Dr Erwin Hinckley Barbour

Dr Erwin Hinckley Barbour

Birth
Springfield Township, Franklin County, Indiana, USA
Death
10 May 1947 (aged 91)
Lincoln, Lancaster County, Nebraska, USA
Burial
Lincoln, Lancaster County, Nebraska, USA
Plot
Sec. 18, Lot 65, Gra. 4
Memorial ID
65608269 View Source

Erwin H. Barbour was born in Springfield Township, Franklin County, Indiana on April 5, 1856, the son Samuel and Adeline Barbour. He received his education at Miami University and at Yale, where he studied under O.C Marsh and graduated in 1882. He began his career as an assistant paleontologist, and worked for O.C. Marsh (U.S. Geological Survey) from 1882 to 1888.

Barbour married Margaret Roxanna Lamson on December 17, 1887 in Lincoln, Nebraska. Their daughter, Eleanor, was born in Connecticut in 1889.

After teaching at the University of Iowa for two years, Barbour began his work at the University of Nebraska as head of the Department of Geology.

Once at the University of Nebraska, he worked diligently to improve his department and add specimens to the university museum. He was soon appointed Curator of the University of Nebraska State Museum, and remained there as director until his retirement in1941. For many years after 1891, he also served as the Acting State Geologist. He spent the next 25 summers directing field parties throughout Nebraska, surveying the geological and paleontological resources of the state.

Barbour described and named fifteen new species of extinct elephants during his long career. A particularly important aspect of Barbour's research was how the elephants changed with time. He was a talented artist and usually illustrated his scientific publications with his own drawings and photographs.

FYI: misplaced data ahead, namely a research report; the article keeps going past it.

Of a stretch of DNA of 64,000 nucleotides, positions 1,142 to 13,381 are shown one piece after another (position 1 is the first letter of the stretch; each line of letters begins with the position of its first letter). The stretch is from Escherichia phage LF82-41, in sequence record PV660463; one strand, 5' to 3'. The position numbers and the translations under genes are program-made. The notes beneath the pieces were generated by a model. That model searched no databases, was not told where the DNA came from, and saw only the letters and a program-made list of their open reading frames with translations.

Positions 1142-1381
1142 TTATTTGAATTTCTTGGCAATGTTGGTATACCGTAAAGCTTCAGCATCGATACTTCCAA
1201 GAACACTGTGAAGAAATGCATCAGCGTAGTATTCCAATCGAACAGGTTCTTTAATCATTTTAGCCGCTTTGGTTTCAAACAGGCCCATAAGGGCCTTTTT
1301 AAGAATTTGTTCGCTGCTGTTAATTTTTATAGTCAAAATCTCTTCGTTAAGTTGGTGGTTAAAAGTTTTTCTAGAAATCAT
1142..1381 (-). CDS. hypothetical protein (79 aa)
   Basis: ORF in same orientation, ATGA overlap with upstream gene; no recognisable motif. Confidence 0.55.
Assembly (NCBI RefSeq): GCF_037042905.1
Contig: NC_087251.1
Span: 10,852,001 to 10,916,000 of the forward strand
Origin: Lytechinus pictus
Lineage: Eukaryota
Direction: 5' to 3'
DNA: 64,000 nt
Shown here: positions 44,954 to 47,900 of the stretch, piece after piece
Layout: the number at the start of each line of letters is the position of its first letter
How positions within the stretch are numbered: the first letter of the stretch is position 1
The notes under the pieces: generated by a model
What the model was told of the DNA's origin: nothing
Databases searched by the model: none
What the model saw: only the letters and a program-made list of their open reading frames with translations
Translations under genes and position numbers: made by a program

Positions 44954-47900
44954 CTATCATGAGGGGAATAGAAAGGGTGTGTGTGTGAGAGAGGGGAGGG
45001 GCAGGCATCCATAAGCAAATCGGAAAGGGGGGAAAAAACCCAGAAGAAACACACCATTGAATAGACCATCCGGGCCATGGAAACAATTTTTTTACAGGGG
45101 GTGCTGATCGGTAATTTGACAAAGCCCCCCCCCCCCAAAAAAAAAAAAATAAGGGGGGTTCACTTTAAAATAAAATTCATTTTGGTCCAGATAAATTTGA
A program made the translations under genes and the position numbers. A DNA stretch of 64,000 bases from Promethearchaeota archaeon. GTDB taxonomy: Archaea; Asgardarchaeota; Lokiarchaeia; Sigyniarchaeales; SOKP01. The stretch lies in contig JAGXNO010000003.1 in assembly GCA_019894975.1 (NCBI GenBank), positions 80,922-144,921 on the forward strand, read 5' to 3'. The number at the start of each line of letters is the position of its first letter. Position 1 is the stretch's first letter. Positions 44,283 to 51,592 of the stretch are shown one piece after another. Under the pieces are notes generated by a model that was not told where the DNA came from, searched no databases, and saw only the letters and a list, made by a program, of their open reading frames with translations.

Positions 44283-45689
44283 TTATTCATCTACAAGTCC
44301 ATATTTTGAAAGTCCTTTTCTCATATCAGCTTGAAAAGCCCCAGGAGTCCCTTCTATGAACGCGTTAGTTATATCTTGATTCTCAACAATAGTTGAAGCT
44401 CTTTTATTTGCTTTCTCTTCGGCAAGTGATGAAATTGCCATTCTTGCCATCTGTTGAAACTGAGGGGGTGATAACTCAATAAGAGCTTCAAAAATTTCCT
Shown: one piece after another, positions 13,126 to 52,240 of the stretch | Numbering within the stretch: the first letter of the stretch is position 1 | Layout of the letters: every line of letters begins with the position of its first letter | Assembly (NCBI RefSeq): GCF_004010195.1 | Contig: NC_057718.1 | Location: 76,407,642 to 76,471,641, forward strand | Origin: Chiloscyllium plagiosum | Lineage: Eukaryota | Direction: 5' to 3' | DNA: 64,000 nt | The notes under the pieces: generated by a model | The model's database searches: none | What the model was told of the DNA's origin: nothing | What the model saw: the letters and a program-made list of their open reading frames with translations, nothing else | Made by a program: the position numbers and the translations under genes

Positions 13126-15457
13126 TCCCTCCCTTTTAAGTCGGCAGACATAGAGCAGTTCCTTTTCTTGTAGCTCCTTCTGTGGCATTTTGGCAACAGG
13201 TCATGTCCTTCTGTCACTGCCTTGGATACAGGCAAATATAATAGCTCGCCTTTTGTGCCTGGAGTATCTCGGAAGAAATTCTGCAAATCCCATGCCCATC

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The following is from Social Networks & Archival Contexts. It is included here even though some parts of it duplicate the above information:

Erwin H. Barbour was born in Springfield, Indiana, on April 5, 1856. He received both his A.B. in 1882 and Ph.D. in 1887 from Yale University. He worked for the United States Paleontological Survey from 1882 to 1888 before becoming a professor of natural history and geology at Iowa College in Grinnell, Iowa. In July 1891, he accepted the position of professor of geology and zoology at the University of Nebraska and became director of the State Museum. He remained a vital member of the university, community, and state for more than fifty years.

In 1891, Barbour made his first expedition to western Nebraska where he collected fossil and geological specimens and studied geological formations. This was the first of yearly expeditions to build the museum collection and to increase his knowledge of the state's natural resources. The author of more than 350 publications, Barbour wrote about such topics as paleontology, geology, and economic geology of Nebraska. He organized and served as the director of the Nebraska Geological Survey beginning in 1891 until 1921 when it became the Conservation and Survey Division of the University.